Tuesday, December 22, 2015

Merry Christmas To All

May you and yours have a blessed holiday, filled with abundance of joy in our Savior’s birth. 

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Tomorrow we hope to drive south and spend Christmas at a lake with lots of wildlife. So much wildlife, we may not be able to swim because of hippo infestation. You guys, this is real life. HA!

Merry Christmas!

Thursday, December 17, 2015

The Legacy In Death

My heart is wavy waters today. Grandma F has passed away.  Our hearts rejoice, she didn’t suffer in sickness, and now she is forever with her Lord and Savior.

We feel sad too. Growing up, she was very special to me, well, because, she’s a grandma.  We didn’t know each other very well though due to the fact that she processed life through the lens of fact and had a careful and meek personality. To know me at all is to know that my life is recklessly processed through emotion and I wasn’t naturally blessed with meekness.

However, soon after Grandpa died, she broke her hip.  She wanted to move back into her home but needed someone to live with her.  This was at the time we were preparing to move to Ethiopia and we needed a place to live. It made sense and she opened her home to us. After about 2 months she was back to her independent self and needed us for very little. She said we were welcome to stay.  As our departure date was pushed off repeatedly, we would have a conversation that went something like this. “Grandma, it looks like it is going to be longer than we thought.  We’re happy to find somewhere else to live.”  She would respond in a firm voice, “Kids, don’t be silly.” And so we stayed, for 18 months.

After moving to Ethiopia, I realized that I missed her, not as a grandma I didn’t know well, but like I missed a friend.

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After our time in the US this summer, we were once again saying our goodbyes. One of the last things she said, “When you come back again, if I’m still around, you are welcome to stay with me.”

Death is a time to stop and think in thankfulness about how we’ve been blessed. All of our grandparents have left a deep and beautiful legacy for us.  I’ve heard said that each generation rides on the shoulders of their parents, who are riding on the shoulders of their’s. Each able to go a little higher because of the sacrifices of the lives lived before. Our ancestors have been men and women of God, serving and loving in Biblical ways. 

We grieve here in Ethiopia, but not as those who have no hope. (1 Thessalonians 4:13-14)

The line from this song has been echoing through my head since I have heard of her death.“No guilt in life, no fear in death, this is the power of Christ in me”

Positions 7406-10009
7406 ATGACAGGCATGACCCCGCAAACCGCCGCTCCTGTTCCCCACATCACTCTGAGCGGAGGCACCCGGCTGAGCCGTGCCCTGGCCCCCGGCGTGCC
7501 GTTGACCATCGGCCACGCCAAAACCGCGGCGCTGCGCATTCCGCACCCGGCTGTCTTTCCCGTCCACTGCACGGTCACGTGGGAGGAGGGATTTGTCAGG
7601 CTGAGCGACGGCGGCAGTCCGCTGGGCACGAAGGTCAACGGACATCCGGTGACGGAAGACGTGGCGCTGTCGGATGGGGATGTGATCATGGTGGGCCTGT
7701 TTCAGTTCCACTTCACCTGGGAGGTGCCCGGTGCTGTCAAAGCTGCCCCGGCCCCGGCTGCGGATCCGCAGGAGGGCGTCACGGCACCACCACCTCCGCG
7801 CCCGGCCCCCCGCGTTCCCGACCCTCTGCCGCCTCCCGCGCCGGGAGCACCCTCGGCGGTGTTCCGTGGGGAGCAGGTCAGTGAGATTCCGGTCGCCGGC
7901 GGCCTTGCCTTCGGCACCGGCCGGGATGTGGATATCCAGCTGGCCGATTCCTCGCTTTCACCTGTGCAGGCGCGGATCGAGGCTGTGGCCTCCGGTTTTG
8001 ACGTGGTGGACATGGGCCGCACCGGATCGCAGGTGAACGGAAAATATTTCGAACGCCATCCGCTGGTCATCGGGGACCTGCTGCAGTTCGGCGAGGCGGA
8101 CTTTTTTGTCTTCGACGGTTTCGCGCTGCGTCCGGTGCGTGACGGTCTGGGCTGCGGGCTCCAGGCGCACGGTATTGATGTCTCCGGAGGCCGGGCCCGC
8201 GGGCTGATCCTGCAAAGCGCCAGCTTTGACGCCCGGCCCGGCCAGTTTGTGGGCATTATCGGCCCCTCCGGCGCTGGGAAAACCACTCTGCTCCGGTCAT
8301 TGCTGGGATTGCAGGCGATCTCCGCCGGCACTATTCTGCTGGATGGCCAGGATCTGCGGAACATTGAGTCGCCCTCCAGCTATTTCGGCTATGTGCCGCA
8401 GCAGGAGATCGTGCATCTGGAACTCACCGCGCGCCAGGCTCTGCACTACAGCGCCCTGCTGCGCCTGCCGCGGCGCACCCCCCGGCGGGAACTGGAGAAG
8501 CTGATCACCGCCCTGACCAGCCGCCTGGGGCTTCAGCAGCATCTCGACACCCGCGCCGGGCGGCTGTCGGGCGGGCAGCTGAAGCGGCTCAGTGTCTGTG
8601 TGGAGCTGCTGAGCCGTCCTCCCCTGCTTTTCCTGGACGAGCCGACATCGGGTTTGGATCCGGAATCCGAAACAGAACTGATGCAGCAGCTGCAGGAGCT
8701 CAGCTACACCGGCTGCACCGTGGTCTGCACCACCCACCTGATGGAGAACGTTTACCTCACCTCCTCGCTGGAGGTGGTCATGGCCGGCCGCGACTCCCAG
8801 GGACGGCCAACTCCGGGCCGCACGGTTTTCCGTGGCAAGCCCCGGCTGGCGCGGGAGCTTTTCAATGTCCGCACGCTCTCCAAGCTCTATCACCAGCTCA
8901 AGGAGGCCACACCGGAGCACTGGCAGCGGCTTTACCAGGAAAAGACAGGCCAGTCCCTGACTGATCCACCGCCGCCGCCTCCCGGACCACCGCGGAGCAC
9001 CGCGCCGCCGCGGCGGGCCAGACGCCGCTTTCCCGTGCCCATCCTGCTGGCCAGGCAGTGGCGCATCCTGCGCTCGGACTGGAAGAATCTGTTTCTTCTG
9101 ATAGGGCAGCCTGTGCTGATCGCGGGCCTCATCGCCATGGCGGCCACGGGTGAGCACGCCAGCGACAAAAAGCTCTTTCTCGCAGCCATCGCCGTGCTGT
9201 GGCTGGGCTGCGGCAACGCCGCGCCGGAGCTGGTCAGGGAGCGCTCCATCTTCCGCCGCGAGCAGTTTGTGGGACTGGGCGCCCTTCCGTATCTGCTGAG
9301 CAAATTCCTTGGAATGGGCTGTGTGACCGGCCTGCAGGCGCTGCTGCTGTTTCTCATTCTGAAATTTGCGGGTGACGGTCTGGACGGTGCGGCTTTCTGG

In Christ Alone

In Christ alone my hope is found
He is my light, my strength, my song
This Cornerstone, this solid ground
Firm through the fiercest drought and storm

What heights of love, what depths of peace
When fears are stilled, when strivings cease
My Comforter, my All in All
Here in the love of Christ I stand

In Christ alone, who took on flesh
Fullness of God in helpless Babe
This gift of love and righteousness
Scorned by the ones He came to save

'Til on that cross as Jesus died
The wrath of God was satisfied
For every sin on Him was laid
Here in the death of Christ I live

There in the ground His body lay
Light of the world by darkness slain
Then bursting forth in glorious Day
Up from the grave He rose again

And as He stands in victory
Sin's curse has lost its grip on me
For I am His and He is mine
Bought with the precious blood of Christ

No guilt in life, no fear in death
This is the power of Christ in me
From life's first cry to final breath
Jesus commands my destiny

No power of hell, no scheme of man
Can ever pluck me from His hand
Til He returns or calls me home
Here in the power of Christ I stand

Wednesday, December 9, 2015

The Luxury of Choice

(A post I began while in the USA)

Opening the cupboard, there they are, boxes of wonderful cereal! I usually want to eat two breakfasts because I can’t fit in all the goodness in one meal. Bagels, cream cheese, yogurt parfaits, easy and made for me. I bought them at the store, full of aisles of so many choices it makes my head spin. Literally, first time in a store after returning to the US, the Walgreens started to spin around me, dizziness overtook me and I had to sit down. Dramatic, yes, a real response, also yes.

We laugh that we can make things just. the. way. we. like. it. And it’s AWESOME. “Okay, I’ll have the #10, but with extra onions, no mayo and can I get that on focaccia?” We manage our temperature within the degree of where we are the most comfortable. And it’s so cozy.

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Choice is amazing but let us not forget, also a luxury. Please hear me out, I condemn nothing about having choices, but I am convicted to recognize it as privilege. My neighbors in Awi country don’t get to make decisions about whether they homeschool, send kids to public or private, charter, etc, etc. Their choice is made like this, “Do I have the money to buy my child a uniform, notebook and pencil? Is there a school within walking distance and can I spare them on the farm that they may go to school?” If so, then, yes, they go to school. At least the boys.

There are no mama wars over vaccines because the choice for vaccines looks like this, “Are vaccines being offered in town? I will use every available resource to get my kids there because I have seen other’s children die with these diseases”.